The other day I was walking down Main Street in Norway with a friend. We crossed the street twice, and both times, within seconds of turning to the curb at a crosswalk, with the obvious intent of crossing, a car braked fairly hard to allow us to cross. Nothing like screeching brakes, but both times the cars were travelling fast enough, were close enough to us, and could see us well enough to determine that we were clearly waiting and watching the traffic, that it was a toss-up whether the driver would choose to stop, or keep going, making us wait but not endangering us. I know in my time as a driver I have made both choices.
I commented to my friend that it is a good thing when people make an obvious effort to accommodate each other, adding, half-jokingly, that it’s much better than when they actually speed up in the same situation. This led my friend to wonder how long it would be before Norway experiences the same kind of tragedy that has occurred elsewhere: someone being killed or seriously injured just crossing the street in their community. He seemed to imply that it is inevitable. I didn’t like that thought. I want to believe that we have more control, more choice in our lives than that.
I know that accidents do happen despite the best human efforts, but I also know that accidents happen far more often when humans are not making our best effort. We know that distracted driving, distracted walking, and I would even say, distracted living, is on the rise. We tell ourselves that the holidays are especially a time of being busy, hurrying, divided attention, not being fully present in the moment as we find ourselves thinking about the gift we need to buy, the party we are planning, the next thing on our “to do” list. “It’s just the way it is”, we say. But this is not true. It is not inevitable that we go through our lives only half aware of who and what is around us. It is a choice. And even the simplest choices like slowing for someone in a crosswalk, smiling at a stranger, letting someone else go first in a line, matter. Each choice to pay attention, to consider each other, to slow down on the road and in life, contributes to the kind of community we all say we want to have. These are choices we all can make. Imagine what it would be like, if we did.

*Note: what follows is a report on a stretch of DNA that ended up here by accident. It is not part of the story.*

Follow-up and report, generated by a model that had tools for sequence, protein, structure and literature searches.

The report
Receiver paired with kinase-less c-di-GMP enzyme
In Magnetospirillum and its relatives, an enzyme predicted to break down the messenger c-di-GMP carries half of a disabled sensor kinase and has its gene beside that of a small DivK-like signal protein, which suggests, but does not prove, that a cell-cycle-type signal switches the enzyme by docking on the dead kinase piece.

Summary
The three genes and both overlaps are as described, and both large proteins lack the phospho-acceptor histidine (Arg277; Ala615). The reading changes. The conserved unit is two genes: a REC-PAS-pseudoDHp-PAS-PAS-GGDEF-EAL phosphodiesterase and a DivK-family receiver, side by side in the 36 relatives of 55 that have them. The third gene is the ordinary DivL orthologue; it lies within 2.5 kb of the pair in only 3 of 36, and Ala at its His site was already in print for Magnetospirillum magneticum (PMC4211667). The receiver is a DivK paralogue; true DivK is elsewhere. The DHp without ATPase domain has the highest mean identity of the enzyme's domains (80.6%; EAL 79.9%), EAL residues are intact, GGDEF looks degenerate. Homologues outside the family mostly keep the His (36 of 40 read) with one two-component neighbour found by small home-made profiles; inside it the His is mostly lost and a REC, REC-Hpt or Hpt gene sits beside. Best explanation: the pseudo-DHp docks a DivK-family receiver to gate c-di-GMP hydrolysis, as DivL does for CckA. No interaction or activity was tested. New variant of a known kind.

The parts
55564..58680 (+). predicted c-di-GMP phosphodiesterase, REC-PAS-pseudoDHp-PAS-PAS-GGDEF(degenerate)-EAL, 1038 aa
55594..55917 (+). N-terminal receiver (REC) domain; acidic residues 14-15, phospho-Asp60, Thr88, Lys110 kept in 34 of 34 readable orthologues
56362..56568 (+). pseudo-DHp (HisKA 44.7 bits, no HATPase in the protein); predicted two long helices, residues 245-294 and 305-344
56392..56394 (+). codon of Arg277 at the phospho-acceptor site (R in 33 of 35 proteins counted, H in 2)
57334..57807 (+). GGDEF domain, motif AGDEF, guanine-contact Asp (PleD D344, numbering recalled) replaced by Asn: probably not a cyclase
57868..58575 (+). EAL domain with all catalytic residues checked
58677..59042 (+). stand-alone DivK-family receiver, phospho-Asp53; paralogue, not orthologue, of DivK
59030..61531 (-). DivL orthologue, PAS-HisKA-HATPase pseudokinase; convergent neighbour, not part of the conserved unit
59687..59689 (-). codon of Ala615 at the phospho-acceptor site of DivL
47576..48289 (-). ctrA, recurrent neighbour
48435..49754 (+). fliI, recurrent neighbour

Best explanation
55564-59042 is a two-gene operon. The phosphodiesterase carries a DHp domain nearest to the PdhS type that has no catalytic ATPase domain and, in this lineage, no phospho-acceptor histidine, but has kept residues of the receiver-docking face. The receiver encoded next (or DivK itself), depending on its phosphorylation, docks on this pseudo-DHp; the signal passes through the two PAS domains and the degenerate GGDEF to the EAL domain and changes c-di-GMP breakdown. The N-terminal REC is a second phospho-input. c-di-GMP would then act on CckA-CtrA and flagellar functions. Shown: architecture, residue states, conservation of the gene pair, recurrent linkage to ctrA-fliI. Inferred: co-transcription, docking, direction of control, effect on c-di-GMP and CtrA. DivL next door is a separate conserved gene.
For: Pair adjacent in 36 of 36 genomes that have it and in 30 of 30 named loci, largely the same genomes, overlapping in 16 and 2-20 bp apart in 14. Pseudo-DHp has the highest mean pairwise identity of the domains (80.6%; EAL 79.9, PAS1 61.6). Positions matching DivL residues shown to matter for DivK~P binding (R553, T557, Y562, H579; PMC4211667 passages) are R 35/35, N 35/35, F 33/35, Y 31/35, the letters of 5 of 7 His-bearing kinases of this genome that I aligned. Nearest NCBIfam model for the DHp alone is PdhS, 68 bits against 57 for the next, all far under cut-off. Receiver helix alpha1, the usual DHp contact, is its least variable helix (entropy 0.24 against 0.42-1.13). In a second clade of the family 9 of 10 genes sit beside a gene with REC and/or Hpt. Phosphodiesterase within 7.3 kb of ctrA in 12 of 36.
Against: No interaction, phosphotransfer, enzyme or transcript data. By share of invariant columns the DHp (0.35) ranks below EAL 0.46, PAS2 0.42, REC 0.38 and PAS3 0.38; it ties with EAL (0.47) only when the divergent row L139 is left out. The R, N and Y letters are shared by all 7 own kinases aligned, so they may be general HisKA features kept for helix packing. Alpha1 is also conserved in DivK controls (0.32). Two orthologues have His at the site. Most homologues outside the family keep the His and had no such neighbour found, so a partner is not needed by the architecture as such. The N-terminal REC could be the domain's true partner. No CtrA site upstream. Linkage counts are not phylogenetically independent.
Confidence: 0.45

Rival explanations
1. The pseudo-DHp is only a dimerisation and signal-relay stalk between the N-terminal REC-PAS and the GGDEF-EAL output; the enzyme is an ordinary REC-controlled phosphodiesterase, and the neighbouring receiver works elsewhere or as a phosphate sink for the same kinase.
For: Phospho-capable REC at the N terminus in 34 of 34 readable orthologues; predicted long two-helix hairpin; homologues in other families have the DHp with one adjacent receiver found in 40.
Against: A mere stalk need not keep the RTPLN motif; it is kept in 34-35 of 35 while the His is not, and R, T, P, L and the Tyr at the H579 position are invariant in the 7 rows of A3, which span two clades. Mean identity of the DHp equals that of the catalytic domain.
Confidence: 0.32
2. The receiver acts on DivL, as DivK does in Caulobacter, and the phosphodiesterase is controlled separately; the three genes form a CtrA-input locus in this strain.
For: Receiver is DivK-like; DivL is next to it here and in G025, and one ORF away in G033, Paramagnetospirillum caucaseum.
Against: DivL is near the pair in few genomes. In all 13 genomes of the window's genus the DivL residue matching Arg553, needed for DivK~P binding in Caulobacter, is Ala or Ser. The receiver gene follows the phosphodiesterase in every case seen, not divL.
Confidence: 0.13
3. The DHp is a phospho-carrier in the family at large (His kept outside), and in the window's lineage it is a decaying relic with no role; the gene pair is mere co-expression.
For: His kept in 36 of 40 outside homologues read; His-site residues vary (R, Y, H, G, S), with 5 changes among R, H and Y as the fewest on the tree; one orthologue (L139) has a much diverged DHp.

Happy and healthy holidays, everyone.
Jim Douglas, M.Ed. is the Partnership Director for Healthy Oxford Hills, your local Healthy Community Coalition and a project of Stephens Memorial Hospital. You can connect with him at 739-6222 or at firstname.lastname@example.org. Like us on Facebook at www.Facebook.com/HealthyOxfordHills
Reprinted with permission from the Advertiser Democrat